|For Immediate Release|
|Monday, March 7, 2016|
|Contact:||Jacqueline Reis, 781-338-3115|
Public Invited to Propose Changes to Curriculum Frameworks
MALDEN - The Department of Elementary and Secondary Education, as part of its review of the Massachusetts curriculum frameworks for English language arts and math, has created an online tool to let people make suggestions about specific aspects of the frameworks.
"I hope educators, as well as parents and other individuals and organizations, will use this tool to communicate specific recommendations for improving the current curriculum frameworks," said Elementary and Secondary Education Commissioner Mitchell D. Chester. "Groups of educators are working with us on this review, and this tool will allow us to solicit proposals from a wider range of educators, educational experts and advocates, as well as the broader public."
The input gathered through this outreach will help focus and direct the attention of the working groups to areas of common concern.
The frameworks, also called learning standards, lay out what students should know and be able to do at each grade level. They are not a curriculum; educators and school committees make curricular decisions at the local level in Massachusetts. The creation and regular updating of curriculum frameworks is a central feature of Massachusetts' standards-based education system, which was created by the Massachusetts Education Reform Act of 1993 and has propelled the Commonwealth to the top of the list on many measures of educational excellence and achievement.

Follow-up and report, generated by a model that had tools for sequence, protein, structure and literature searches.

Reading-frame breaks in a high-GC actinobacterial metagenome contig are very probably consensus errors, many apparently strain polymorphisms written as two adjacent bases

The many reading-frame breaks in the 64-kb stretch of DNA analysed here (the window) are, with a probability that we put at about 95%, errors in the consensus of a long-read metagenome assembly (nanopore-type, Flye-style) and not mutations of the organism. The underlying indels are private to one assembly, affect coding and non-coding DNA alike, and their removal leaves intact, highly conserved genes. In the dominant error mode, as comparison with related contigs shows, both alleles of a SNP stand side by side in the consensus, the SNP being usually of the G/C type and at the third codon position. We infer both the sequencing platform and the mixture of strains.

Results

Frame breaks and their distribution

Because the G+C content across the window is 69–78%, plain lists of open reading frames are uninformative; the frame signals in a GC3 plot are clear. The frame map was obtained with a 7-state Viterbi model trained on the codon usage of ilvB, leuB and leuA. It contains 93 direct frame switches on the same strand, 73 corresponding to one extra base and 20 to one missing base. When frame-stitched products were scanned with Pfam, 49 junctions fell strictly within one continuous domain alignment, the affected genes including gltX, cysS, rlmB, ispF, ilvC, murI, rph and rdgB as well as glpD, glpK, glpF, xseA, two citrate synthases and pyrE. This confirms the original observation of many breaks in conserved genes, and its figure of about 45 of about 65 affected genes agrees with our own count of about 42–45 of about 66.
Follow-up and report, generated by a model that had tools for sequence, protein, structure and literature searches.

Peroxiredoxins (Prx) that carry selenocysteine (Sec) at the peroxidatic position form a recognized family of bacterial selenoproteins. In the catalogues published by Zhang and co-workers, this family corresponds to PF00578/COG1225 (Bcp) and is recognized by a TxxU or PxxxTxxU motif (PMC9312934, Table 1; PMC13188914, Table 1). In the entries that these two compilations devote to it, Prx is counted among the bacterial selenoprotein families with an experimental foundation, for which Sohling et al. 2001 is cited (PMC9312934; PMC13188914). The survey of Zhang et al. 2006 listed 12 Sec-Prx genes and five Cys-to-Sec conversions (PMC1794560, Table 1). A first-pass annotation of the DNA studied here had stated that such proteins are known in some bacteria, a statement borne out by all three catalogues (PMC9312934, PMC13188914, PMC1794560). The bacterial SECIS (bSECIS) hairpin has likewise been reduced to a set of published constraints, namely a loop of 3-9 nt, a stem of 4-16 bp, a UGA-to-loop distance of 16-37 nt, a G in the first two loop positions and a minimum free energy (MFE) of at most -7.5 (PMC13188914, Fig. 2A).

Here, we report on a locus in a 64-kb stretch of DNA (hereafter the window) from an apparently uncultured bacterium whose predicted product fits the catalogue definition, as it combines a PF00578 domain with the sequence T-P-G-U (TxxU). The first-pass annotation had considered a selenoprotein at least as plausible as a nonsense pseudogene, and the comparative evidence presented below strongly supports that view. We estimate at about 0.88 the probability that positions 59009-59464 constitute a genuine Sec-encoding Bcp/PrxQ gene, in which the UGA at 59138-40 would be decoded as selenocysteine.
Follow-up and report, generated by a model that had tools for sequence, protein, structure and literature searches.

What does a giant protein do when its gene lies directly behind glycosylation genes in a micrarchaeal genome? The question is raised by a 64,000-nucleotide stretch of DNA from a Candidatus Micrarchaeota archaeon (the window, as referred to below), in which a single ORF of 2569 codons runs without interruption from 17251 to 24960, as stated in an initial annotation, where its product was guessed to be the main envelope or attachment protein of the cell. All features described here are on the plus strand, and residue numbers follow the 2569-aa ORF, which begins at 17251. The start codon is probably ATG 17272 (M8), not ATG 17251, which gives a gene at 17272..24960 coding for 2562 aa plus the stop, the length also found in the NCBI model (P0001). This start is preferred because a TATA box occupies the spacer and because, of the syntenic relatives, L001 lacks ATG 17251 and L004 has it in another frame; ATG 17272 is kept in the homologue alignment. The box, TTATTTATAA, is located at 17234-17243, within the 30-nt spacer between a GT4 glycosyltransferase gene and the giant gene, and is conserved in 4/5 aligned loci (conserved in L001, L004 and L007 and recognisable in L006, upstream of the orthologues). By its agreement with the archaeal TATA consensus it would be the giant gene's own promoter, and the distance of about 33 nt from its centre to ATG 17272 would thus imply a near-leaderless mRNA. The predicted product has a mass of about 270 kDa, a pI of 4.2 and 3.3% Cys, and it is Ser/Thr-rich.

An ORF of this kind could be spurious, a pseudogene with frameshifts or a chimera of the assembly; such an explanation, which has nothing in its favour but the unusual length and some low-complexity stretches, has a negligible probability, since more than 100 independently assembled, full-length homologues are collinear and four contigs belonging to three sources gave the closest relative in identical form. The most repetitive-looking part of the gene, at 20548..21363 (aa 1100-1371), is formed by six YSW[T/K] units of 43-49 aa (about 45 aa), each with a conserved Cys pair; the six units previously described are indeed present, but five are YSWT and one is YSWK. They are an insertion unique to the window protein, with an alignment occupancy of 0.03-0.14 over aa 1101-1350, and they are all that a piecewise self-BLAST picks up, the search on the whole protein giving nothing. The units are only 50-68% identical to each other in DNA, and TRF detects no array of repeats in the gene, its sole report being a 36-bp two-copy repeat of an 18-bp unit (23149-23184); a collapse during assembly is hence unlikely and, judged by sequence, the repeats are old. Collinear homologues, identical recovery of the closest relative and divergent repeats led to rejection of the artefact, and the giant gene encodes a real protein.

The Department is identifying suggestions for improving the frameworks based on the Commonwealth's five years of implementing the 2010 learning standards. The review comes after the Board of Elementary and Secondary Education voted on November 17, 2015 to both create a next-generation MCAS assessment and to convene review panels of K-12 teachers and higher education faculty to review the English language arts and mathematics curriculum frameworks and identify any modifications needed to ensure "a course of study that best prepares students for the 21st century."
After the review committees have considered all proposed changes to the current frameworks, they will make recommendations to the Board of Elementary and Secondary Education.
The Board will make any changes it deems appropriate and put its draft proposal out for public comment. After making any additional changes based on that final public review of the proposed frameworks, the Board would then adopt a revised set of Massachusetts curriculum frameworks in English language arts and math.
The online tool at http://www.doe.mass.edu/mcas/nextgen/feedback.html will be available through May 2016.